Saturday, October 24, 2015

{read} Hold Still by Sally Mann


Oh, how I loved this book.

A memoir that goes back over a hundred years into a fascinating family history, a deep meditation on one's bond to land, and a treatise on working creatively while raising a family (and more importantly - becoming collaborators within a family, this is essential reading for creative parents!

Mann's intimate photographs of her family, published in the book Immediate Family,  shot her to national prominence (and infamy) in the early 90's. She photographed her children injured, naked, and in awkward positions (as well as playing, thoughtful, and engaged in life). As photographs, they definitely elicit a response from the viewer. They are beautiful and powerful and darkly capture a side of life with children that is not often talked about or even recognized. As a parent, one wonders what would prompt her to make these photographs and publish them to the world. She writes at length about her process, the children's cooperation and collaboration, the secluded and nearly feral life they led at their river cabin. It all makes sense. I do wonder (as does she) how her art would have been received in the digital age.

Most interesting to me are the photographs she took of her children when they were hurt or danger is implied. Nothing serious: stitches, imprints of bite marks, legs cadaverishly caked with mud, a child sleeping that calls to mind a 19th century death portrait, a child next to a freshly hunted deer or holding roasted squirrels.

Writing about an image of her child Jessie with a swollen face after an insect bite, Mann shares:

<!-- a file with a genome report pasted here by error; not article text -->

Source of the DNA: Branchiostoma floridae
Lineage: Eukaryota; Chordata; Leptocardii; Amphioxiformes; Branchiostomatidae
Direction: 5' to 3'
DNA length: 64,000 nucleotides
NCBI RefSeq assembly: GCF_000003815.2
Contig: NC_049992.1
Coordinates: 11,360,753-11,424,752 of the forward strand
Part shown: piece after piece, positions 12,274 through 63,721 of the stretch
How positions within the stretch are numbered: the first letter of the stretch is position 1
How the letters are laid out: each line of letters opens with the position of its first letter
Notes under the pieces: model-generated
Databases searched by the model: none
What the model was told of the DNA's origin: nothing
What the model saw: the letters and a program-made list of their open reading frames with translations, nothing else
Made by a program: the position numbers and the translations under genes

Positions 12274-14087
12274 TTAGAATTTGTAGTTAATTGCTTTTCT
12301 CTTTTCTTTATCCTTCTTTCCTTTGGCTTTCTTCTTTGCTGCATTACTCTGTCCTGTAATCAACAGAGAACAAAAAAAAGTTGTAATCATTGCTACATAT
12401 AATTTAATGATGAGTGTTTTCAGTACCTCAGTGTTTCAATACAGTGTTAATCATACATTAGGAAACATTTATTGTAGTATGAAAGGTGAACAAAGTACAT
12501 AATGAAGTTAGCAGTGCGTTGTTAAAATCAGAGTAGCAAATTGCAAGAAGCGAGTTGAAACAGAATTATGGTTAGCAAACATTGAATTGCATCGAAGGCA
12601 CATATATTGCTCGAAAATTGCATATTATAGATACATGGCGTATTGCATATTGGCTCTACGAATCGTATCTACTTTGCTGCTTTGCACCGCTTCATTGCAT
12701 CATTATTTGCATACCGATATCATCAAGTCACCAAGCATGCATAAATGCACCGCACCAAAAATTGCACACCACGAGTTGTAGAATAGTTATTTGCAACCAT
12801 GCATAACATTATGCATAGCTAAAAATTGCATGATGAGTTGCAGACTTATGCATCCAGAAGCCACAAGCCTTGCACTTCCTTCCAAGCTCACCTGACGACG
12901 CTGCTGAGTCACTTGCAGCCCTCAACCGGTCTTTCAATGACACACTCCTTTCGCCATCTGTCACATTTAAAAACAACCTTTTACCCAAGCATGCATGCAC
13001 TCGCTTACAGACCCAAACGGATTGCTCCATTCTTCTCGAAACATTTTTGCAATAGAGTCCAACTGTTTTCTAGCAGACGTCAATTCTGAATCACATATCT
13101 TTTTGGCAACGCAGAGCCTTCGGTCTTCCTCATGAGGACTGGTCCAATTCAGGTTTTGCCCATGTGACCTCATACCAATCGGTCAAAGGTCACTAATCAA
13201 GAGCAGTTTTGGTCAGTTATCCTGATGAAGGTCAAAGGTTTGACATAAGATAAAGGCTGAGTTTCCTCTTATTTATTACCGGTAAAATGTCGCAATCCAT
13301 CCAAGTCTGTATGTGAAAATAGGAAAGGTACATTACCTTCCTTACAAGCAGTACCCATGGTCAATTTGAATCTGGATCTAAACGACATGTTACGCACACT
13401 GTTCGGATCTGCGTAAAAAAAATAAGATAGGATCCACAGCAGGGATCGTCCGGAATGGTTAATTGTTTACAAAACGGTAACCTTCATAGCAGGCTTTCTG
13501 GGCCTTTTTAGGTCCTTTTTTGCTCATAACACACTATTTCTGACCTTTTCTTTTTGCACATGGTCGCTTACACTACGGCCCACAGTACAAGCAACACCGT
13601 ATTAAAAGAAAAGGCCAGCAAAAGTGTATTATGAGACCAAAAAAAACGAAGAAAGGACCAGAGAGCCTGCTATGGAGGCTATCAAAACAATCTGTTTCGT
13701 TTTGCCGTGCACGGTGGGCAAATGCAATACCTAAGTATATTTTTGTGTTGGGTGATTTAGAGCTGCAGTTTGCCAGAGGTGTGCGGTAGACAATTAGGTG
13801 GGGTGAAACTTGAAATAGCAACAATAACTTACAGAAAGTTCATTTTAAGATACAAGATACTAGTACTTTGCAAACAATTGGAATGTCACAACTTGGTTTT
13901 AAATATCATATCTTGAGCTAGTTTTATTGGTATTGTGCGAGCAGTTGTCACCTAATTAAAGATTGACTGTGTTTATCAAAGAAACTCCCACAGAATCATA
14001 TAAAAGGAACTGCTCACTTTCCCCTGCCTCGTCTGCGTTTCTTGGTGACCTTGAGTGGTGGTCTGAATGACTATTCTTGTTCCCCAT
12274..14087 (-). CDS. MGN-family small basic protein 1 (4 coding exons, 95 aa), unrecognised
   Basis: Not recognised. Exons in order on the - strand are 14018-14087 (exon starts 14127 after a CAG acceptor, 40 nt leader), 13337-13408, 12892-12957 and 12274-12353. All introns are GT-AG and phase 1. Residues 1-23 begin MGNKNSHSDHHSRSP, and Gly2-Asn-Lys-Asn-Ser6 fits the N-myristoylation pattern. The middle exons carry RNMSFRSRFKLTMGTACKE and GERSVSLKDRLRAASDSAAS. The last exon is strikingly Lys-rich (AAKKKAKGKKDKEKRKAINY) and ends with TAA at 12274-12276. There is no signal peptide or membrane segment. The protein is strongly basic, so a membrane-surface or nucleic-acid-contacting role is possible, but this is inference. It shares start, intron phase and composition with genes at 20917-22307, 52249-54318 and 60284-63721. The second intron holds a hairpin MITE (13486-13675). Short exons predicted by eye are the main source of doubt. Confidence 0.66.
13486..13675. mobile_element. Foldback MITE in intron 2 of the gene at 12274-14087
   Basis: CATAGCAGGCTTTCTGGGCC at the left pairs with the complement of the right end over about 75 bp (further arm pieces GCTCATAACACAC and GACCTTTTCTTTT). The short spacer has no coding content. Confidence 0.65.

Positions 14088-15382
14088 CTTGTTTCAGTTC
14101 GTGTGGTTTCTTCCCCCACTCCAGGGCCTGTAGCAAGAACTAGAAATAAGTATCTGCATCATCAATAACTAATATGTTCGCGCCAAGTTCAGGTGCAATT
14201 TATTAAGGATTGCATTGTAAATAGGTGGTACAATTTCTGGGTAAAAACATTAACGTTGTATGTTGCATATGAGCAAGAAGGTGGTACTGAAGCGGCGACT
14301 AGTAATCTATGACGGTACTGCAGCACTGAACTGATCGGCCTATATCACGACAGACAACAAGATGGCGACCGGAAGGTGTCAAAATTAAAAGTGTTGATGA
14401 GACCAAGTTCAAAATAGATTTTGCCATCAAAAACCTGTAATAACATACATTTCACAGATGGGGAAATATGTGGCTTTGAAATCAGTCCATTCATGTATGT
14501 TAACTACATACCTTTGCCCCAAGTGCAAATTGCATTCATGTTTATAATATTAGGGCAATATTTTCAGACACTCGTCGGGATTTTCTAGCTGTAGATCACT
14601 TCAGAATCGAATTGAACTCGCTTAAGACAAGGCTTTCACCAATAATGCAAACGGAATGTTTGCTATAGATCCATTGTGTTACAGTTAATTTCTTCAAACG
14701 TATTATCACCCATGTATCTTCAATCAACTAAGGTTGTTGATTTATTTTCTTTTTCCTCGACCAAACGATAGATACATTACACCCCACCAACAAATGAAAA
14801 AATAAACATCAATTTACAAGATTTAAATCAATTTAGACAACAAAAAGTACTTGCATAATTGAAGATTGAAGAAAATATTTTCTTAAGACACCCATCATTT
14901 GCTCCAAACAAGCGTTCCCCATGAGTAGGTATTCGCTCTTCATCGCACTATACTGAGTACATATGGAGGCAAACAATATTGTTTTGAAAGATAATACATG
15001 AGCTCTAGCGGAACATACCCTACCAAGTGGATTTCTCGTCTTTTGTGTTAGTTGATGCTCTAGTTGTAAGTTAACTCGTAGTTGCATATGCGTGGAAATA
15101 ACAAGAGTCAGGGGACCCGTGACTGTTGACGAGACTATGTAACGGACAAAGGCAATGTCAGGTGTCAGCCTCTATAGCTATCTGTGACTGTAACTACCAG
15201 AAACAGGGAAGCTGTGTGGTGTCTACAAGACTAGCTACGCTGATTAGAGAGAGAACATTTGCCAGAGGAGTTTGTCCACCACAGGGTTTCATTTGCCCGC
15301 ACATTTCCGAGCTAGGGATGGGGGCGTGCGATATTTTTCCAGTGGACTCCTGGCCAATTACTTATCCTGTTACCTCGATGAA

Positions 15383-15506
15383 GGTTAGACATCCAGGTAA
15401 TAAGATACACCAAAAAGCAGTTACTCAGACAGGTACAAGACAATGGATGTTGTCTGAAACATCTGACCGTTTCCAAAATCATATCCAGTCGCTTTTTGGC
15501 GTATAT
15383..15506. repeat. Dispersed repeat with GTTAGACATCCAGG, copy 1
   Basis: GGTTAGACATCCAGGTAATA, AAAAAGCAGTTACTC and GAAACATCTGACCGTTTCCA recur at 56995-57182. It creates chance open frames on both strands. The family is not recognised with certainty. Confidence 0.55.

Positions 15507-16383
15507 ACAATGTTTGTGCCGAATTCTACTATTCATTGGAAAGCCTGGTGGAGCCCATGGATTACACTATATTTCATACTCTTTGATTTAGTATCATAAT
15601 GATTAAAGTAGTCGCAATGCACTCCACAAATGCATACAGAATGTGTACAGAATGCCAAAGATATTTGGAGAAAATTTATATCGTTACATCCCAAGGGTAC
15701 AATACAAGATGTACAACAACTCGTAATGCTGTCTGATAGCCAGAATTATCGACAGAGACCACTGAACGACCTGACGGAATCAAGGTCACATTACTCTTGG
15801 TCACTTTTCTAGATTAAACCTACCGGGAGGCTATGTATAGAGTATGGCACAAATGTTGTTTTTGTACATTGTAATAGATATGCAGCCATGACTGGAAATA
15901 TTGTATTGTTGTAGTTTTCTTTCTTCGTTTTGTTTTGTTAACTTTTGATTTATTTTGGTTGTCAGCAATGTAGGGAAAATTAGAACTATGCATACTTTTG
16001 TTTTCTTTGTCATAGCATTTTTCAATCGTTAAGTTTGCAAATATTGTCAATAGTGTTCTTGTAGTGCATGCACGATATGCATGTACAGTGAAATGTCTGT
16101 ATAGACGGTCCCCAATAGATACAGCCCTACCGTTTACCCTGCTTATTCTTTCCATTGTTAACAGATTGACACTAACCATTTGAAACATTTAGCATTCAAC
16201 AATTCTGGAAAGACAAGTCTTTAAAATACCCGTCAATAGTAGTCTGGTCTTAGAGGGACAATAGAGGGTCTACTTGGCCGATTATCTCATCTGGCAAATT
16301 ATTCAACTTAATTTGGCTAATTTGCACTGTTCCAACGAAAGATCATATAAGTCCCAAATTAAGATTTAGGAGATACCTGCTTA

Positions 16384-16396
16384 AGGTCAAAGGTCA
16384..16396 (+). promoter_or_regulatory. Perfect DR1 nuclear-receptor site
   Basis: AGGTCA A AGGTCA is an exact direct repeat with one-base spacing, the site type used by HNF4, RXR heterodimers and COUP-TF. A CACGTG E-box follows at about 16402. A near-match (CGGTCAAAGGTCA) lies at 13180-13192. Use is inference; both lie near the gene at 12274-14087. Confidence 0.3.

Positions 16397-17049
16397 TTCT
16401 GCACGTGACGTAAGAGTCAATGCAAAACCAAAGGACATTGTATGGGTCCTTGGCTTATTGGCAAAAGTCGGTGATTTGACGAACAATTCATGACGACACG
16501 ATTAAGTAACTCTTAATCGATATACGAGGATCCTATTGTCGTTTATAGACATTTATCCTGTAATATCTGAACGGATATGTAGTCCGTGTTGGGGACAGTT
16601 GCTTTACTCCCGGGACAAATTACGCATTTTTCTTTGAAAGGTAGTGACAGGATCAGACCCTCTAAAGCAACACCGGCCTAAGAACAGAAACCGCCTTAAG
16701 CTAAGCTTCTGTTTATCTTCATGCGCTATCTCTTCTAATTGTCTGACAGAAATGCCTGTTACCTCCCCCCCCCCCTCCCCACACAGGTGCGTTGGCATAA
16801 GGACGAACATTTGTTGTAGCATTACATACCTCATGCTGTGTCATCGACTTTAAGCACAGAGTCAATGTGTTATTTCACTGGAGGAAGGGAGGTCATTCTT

"As strange as it sounds, I found something comforting about this disturbing picture. Looking at the still-damp contact print, and then looking at Jessie, completely recovered and twirling around the house in her pink tutu, I realized the image inoculated me to a possible reality that I might not henceforth have to suffer. Maybe this could be an escape from the manifold terrors of child rearing, an apotropaic protection: stare them straight in the face but at a remove - on paper, in a photograph. 

With a camera, I began to take on disease and accidents of every kind, magnifying common impetigo into leprosy, skin wrinkles into whip marks, simple bruises into hemorrhagic fever. Even when a scary situation turned out benign, I replayed it for the camera with the worst possible outcome, as if to put the quietus on its ever reoccurring." 

She uses her camera to explore the darkest themes of motherhood in ways that are recognizable to most parents. The camera becomes a looking glass into futures nightmares you hope to never endure and the images take you as close to the edge before tumbling over.

The book also offers deep histories of race in the south, the unchanging landscape, marriage and illness, and death. Full of photographs and copies of letters, memos and various ephemera, the book is delightful, engaging and at times challenging to read. I highly recommend it.

This is the book to gift your book club friends, art lovers, and wild mamas. They will thank you.

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